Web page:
Here’s a fun LEGO® challenge – use your bricks to build spinning tops! This is one of our favorite challenges because there are so many ways to build a spinning top, and they spin REALLY WELL. You don’t have to have a lot of special pieces – I can almost guarantee that everyone will have the parts for this!
Spin them on the table, or build a battle arena!
Kids can spin the tops directly on the table or floor, or they can build a “battle arena” for them, sort of like Beyblades. They spin longer on the table because they don’t bump into anything, but the downside is that they often find their way to the edge of the table and fall off, which results in pieces coming off.
Really, it’s fun to do both! Spin them on the table, and then try battling more than one of them in your arena. We built a frame for our LEGO® spinning tops out of basic bricks. Since our table has little grooves in it, I cut a piece of poster board to fit under the frame. I used some Scotch tape to attach the bricks to the poster board – but not a lot, because I don’t want the bricks to get sticky.
At the bottom of this post, there are tips for maximizing the STEM learning that will take place with this project! I love using LEGO® bricks for STEM challenges – such as these wind-powered LEGO contraptions and these LEGO® pulleys.
See a video demonstration of the spinning tops below:
How to Build LEGO Spinning Tops
There are a couple ways to go about building a top. Here’s the first method.
Find the largest round plates that you have. (Plates are the flat bricks.) This one is 6 studs by 6 studs.
You’ll need to use an axle for the top to spin on, but the larger round plates have a round hole in the center. If you attach a 2 x 2 round plate underneath, the x-shaped hole on the 2 x 2 plate will help hold onto the axle.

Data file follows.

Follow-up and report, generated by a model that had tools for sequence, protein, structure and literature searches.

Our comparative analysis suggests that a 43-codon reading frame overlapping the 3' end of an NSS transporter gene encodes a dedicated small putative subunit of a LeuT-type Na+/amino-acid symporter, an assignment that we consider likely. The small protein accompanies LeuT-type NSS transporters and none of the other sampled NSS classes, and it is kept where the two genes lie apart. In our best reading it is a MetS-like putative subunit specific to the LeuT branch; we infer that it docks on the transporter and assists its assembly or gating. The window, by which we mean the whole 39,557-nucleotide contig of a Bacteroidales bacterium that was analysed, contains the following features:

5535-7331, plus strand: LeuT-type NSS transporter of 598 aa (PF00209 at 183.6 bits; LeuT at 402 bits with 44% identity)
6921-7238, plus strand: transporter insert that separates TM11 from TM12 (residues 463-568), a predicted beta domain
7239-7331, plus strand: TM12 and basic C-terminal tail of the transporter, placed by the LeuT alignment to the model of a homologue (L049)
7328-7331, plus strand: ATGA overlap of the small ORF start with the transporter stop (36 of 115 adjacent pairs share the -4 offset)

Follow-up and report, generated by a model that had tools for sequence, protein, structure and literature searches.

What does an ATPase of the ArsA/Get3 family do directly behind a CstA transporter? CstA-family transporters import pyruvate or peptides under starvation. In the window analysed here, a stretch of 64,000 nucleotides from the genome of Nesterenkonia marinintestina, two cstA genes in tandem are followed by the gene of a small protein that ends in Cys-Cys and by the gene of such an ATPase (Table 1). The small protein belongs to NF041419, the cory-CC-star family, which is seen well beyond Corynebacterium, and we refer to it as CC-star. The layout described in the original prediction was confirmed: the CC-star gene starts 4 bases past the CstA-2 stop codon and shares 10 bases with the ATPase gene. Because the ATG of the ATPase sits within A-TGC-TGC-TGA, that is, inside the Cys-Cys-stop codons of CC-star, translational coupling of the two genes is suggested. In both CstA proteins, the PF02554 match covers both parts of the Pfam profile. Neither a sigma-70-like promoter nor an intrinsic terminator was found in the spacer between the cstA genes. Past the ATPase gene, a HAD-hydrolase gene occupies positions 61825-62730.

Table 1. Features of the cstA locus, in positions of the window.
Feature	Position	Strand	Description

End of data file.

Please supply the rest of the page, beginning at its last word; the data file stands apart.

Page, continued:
Add a round brick and a dome brick to create a handle. The axle will run through these bricks as well.
Then you’re ready to give it a spin!
Here’s another top with an axle in the center.
Another way to build a LEGO spinning top is to use a 1/2 length Technic pin instead of an axle. One of the boys built this cool looking top. Find a blue pin like the one in the photo below.
Then insert the pin in the hole of the round plate.
There are so many ways to design LEGO tops! It’s fun to keep tinkering and experimenting!
The spinning top on the bottom left in the photo below has a bar instead of an axle in the center, and at the very bottom is an upside-down 1 x 1 cone. It spins well!
Add some STEM learning to this project!
There are some great physics principles to discuss when you do this project.
- Does the top spin better with a long axle or a short axle? In other words, where should the center of gravity be? We found that the tops spin the best when the axle is short and the center of gravity is low, but if the axle is TOO short, then the top will scrape the ground as it wobbles, which makes it slow down.
- What is the best method of releasing the top? Spinning it between two fingers? Or using the palms of both hands? Or another way?
- Do the colors of the bricks on your top appear to change when it’s spinning? We had good success getting orange by building a top with yellow and red bricks. But for some reason, yellow and blue did not appear to make green.
Find this LEGO® building idea plus 49 more in my book – Awesome LEGO Creations with Bricks You Already Have
This book is perfect for kids who love to tinker! Give them tons of inspiration – 50 projects to build with their big tub of random bricks.